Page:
I’ve been pending a fair amount of time thinking about fear and failure for an upcoming project. Here’re some things that occurred to me recently.

What is failure? I’m sure we could find a definition in the dictionary that would suffice. I’m sure, if we were together in person, you could give me a definition in your own words. The problem is, it’s a sliding scale and everyone defines it differently. You might think of the teacher handing you back a paper with a lot of red ink, and maybe even a big red F in the corner, likely with a circle around it for emphasis, as if the failure was entirely your own. Maybe the F was on your report card. By the way, have you ever noticed most schools skipped right over “E.” A, B, C, and D represent nothing but a level. They are not initials for some word, like “lofty” or “proficient” or “mediocre” which is essentially what they mean, yet we don’t get L’s or P’s or M’s, so there is no earthly reason, why the grade below D is F, except that F means failure and the grading system wants to make sure you didn’t miss the fact that you failed and are therefore a failure. Maybe you’d equate failure with not reaching a certain level in your career or a time when you let someone, maybe even yourself, down. It might reflect a time when you just couldn’t reach the goal. It might even be something your rational mind knows was not your fault, but still you take the blame.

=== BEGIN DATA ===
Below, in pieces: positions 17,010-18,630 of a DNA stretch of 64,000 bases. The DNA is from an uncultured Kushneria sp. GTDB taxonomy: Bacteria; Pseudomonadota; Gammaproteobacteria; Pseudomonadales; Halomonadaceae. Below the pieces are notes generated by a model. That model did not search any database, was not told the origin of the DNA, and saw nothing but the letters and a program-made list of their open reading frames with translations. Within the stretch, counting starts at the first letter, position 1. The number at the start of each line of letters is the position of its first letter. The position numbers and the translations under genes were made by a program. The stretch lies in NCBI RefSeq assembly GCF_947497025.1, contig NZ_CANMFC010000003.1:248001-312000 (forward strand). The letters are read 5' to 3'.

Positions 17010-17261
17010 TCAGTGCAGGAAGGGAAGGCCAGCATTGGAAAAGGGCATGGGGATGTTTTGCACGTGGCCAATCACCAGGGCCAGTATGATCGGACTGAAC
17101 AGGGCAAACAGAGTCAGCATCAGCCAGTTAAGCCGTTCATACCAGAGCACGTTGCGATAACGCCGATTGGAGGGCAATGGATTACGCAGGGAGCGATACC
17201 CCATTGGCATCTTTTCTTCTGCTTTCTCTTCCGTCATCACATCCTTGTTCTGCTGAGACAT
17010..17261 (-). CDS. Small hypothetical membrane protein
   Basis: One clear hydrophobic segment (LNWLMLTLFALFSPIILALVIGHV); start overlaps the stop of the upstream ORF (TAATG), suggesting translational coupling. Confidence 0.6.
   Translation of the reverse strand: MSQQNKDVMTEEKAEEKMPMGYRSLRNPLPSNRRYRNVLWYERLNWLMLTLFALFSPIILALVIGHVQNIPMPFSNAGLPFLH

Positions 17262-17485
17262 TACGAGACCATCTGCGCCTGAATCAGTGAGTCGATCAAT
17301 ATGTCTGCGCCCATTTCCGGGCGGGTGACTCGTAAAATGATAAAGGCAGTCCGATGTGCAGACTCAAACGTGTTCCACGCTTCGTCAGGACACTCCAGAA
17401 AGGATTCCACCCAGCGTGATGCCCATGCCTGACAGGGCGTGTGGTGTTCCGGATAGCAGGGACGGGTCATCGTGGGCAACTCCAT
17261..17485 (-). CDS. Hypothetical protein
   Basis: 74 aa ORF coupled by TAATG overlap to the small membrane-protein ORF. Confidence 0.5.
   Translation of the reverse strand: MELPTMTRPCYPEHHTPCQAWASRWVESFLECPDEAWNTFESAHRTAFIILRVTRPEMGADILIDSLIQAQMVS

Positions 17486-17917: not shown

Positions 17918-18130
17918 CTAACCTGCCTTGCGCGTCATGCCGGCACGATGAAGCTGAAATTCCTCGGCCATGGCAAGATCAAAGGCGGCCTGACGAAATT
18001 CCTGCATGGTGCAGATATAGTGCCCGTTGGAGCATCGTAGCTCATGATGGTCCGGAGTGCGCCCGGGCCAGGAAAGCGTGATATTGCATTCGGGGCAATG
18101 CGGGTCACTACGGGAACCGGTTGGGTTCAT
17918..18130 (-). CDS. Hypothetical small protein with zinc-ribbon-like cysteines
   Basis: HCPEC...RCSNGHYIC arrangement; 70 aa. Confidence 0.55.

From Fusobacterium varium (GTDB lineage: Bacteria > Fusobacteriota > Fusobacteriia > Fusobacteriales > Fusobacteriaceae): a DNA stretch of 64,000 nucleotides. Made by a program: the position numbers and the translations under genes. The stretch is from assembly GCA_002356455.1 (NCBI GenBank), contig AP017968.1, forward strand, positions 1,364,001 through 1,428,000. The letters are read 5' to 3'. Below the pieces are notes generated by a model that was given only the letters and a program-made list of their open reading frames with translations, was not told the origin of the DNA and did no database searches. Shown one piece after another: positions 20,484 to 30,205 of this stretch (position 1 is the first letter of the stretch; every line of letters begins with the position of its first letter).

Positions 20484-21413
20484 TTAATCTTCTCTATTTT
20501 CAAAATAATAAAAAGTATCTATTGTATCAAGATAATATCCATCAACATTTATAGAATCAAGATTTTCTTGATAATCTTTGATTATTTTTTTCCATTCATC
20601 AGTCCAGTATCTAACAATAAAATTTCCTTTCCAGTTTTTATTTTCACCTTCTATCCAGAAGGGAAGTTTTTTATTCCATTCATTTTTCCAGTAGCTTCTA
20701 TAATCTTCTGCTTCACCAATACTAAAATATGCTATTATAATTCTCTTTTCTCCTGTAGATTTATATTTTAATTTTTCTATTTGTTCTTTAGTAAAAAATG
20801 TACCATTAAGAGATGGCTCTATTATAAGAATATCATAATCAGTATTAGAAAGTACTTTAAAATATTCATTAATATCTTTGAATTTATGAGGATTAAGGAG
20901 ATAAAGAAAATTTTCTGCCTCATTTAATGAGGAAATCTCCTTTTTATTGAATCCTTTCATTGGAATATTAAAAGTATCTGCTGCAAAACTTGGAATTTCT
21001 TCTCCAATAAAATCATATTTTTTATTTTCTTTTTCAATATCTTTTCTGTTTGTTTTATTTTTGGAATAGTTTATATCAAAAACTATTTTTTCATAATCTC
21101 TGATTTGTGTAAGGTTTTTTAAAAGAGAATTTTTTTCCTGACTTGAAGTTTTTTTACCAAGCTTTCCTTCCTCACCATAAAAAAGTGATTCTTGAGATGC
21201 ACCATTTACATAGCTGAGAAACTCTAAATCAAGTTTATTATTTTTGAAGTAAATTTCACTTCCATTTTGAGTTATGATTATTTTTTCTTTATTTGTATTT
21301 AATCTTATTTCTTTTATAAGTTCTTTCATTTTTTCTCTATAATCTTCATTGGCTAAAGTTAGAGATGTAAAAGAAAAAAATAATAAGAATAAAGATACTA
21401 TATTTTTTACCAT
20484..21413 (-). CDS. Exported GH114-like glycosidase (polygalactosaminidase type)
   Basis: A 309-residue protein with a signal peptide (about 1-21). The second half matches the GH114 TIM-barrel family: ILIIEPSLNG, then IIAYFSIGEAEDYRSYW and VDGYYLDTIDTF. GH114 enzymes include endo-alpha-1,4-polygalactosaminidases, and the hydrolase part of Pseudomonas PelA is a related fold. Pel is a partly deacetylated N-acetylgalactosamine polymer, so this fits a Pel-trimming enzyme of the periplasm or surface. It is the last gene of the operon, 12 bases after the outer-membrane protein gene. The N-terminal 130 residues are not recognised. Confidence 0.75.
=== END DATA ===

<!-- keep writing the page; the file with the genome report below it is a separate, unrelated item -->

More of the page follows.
For some failure becomes their name, as in “I’m a failure.” Others will adopt it’s cousins, like “Loser” or “Waste” or “Idiot.” It manifests in questions, like “How could I be so stupid?” Sometimes we think we’re failures because someone labeled us as such. Other times we just see the evidence on the faces of those around us. For me it was all of the above. Sometimes I’d hear statements like “If brains were dynamite, you wouldn’t have enough to blow your nose.” Other times it was the C on the report card in a field of A’s and B’s. Ironically, that C was for something most people don’t even teach anymore, Cursive. This brings me to another point. A grade of C, is essentially translated as average. For most people C is okay, you’re not the best but neither are you the worst. Most people would see it as maybe needing improvement, but nothing to lose sleep over. For others, a C might as well be an F. In their minds, average, being on par with everyone else equates with failure. Further, why was it so easy to miss the A’s and B’s and the lower grade of C becomes the focus. Please tell me I’m not the only one who does this. I can get a hundred positive comments and one negative and that one negative becomes my entire focus. I’m almost positive I’m not the only one and that needs to change.